Its low cost puts online research well within the reach of almost any business, large or small Contact Methods – Online Marketing Research Channel M2 “puts the human touch back into online research” by assembling focus group participants in people-friendly “virtual interview rooms” Gathering a small group of people online with a trained moderator to chat about a product, service, or organization and gain qualitative insights about consumer attitudes and behavior Online Focus Groups Mechanical devices
People meters, checkout scanners, neuromarketing Mechanical Devices Mechanical instruments , To find out what ads work and why, Disney researchers use an array of devices to track eye movement, monitor heart rates, and measure other physical responses Traditional Survey Methods Online Survey Methods Observational Methods Micro-environment component Macro-environment component Method of Marketing Analysis Method of Marketing Analysis Section 2
Tools of Environment and Market Analysis Section 3
Doing Marketing Research Marketing research provides accurate, up-to-date, and relevant information
Marketing research should be conducted in an ethical manner
Marketing information systems:
Determine what information marketing managers need, then gathers, sorts, analyzes, stores, and distributes information to system users Knowledge Is Power Marketing information systems (MIS) include multiple components:
Internal company data
Marketing intelligence
Marketing research
Acquired database
Computer hardware and software
Information for marketing decisions Marketing Information Systems Internal data:
Information from within the company
Used to produce reports on the results of sales and marketing activities
Commonly accessed via Intranets
Internal corporate communications network that links company departments, employees, and databases Internal Company Data Marketing intelligence systems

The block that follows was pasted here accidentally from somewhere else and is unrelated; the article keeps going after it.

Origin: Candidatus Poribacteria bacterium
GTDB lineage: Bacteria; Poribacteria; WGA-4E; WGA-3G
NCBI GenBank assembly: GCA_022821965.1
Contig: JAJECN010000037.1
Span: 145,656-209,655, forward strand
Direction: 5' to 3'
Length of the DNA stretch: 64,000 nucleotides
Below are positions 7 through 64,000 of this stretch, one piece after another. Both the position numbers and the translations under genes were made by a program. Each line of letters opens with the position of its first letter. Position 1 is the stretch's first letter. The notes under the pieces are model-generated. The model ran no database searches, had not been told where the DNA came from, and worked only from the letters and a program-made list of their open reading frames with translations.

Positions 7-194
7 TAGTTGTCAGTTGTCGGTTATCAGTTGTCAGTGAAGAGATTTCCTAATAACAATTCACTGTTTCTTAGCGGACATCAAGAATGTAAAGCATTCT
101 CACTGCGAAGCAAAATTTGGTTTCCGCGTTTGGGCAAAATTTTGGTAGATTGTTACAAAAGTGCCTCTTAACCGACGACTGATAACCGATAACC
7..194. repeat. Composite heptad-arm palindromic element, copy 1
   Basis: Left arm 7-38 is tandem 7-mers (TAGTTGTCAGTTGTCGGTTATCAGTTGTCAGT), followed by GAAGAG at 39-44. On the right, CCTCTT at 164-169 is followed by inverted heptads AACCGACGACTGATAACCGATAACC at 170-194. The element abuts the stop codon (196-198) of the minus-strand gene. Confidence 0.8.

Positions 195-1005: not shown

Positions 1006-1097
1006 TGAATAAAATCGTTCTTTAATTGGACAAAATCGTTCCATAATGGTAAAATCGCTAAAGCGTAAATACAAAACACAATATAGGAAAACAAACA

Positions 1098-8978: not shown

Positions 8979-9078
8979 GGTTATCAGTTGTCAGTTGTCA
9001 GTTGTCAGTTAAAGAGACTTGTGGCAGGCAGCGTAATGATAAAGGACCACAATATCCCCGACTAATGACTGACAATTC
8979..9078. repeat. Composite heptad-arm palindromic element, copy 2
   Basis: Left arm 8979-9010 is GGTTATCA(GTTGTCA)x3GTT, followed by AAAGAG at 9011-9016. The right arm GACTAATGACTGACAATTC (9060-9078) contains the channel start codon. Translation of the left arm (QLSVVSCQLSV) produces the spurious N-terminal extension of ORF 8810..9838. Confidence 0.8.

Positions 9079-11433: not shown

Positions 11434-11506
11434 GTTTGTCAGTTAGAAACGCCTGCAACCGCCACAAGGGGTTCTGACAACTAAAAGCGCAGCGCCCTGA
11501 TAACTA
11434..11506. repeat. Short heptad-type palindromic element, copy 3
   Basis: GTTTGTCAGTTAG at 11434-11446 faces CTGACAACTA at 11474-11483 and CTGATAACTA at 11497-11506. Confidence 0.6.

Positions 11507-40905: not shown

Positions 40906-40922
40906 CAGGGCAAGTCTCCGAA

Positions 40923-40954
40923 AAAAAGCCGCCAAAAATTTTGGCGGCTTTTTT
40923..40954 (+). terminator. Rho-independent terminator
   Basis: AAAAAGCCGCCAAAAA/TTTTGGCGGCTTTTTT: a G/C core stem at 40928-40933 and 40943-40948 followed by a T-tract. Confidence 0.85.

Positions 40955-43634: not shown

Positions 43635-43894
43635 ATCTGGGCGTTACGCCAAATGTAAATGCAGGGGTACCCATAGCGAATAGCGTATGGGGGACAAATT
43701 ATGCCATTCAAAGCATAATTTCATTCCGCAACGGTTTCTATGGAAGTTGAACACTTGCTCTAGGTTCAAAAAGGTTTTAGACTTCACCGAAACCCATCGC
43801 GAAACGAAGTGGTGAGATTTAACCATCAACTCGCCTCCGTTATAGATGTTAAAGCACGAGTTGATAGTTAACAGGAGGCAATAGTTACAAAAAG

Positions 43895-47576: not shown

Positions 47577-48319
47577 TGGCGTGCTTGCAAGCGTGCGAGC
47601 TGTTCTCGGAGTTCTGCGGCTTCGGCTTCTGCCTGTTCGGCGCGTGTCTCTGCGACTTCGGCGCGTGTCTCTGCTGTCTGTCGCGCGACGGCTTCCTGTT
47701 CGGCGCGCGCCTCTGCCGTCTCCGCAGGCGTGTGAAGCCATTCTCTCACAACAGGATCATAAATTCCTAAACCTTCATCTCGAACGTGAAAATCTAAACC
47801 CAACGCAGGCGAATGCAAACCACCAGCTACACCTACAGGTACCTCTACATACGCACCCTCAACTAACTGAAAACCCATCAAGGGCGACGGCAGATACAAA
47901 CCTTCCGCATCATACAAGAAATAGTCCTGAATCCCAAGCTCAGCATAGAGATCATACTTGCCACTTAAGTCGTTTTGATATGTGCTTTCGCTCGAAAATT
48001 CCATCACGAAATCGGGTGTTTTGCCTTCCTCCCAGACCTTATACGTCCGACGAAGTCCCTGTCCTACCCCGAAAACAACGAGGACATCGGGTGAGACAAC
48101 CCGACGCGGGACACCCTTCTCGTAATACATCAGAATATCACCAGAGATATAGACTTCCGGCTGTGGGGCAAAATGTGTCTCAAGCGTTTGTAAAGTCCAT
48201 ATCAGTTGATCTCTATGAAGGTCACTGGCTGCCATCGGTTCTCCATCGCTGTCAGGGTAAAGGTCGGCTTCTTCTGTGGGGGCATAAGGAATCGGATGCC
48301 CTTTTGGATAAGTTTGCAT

Method that marketers use to gather information about everyday happenings in the marketing environment
Gathered via monitoring everyday sources, observation, and discussions with salespeople or others. Marketing Intelligence Market research:
Collecting, analyzing, and interpreting data about customers, competitors, and the business environment to improve marketing effectiveness
Syndicated research
Custom research Marketing Research The Marketing Information System A good MIS balances the information users would like against what they really need
Collecting and storing information using a MIS is expensive
Firms must decide whether the value of the insights gained from more information is worth the cost Assessing Information Needs External databases can be used to collect a variety of information from different sources:
Non-competing businesses
Government databases
Misuse of databases can be problematic and has led to do-not-call lists and anti-spam laws Acquired Databases Sources of MIS A process that first determines what information marketing managers need and then gathers, sorts, analyzes, stores, and distributes relevant and timely marketing information to system users.

A firm’s marketing information system (MIS) stores and analyzes data from a variety of sources and turns the data into information for useful marketing decision making. Causal Research :
A technique that attempts to understand cause-and-effect relationships. This technique is used to know if a change in something (for example, our packaging or product formula) will have an impact on something else (for example, the recognition of our product in the supermarket or the consumer satisfaction related to the product) - Explain the importance of information in gaining insights about the marketplace and customers
- Define the marketing information system and discuss its parts
- Outline the steps in the marketing research process
- Explain how companies analyze and use marketing information Conclusions are only as good as the quality of data collected
Challenges associated with gathering data in foreign countries include:
Differences in sophistication of research operations
Infrastructure/transportation challenges
Lack of phones and/or low literacy rates
Local customs and cultural differences
Language translation difficulties Collect the Data Data must be analyzed and interpreted to be meaningful
Arranging data in a table or other summary form to get a broad picture of overall responses
Examining the data by subgroups to see how results vary between categories Design the sample: Research reports typically contain the following sections:
Executive summary
Description of research methods
Discussion of study results
Limitations of study
Conclusions and recommendations Marketing Information Systems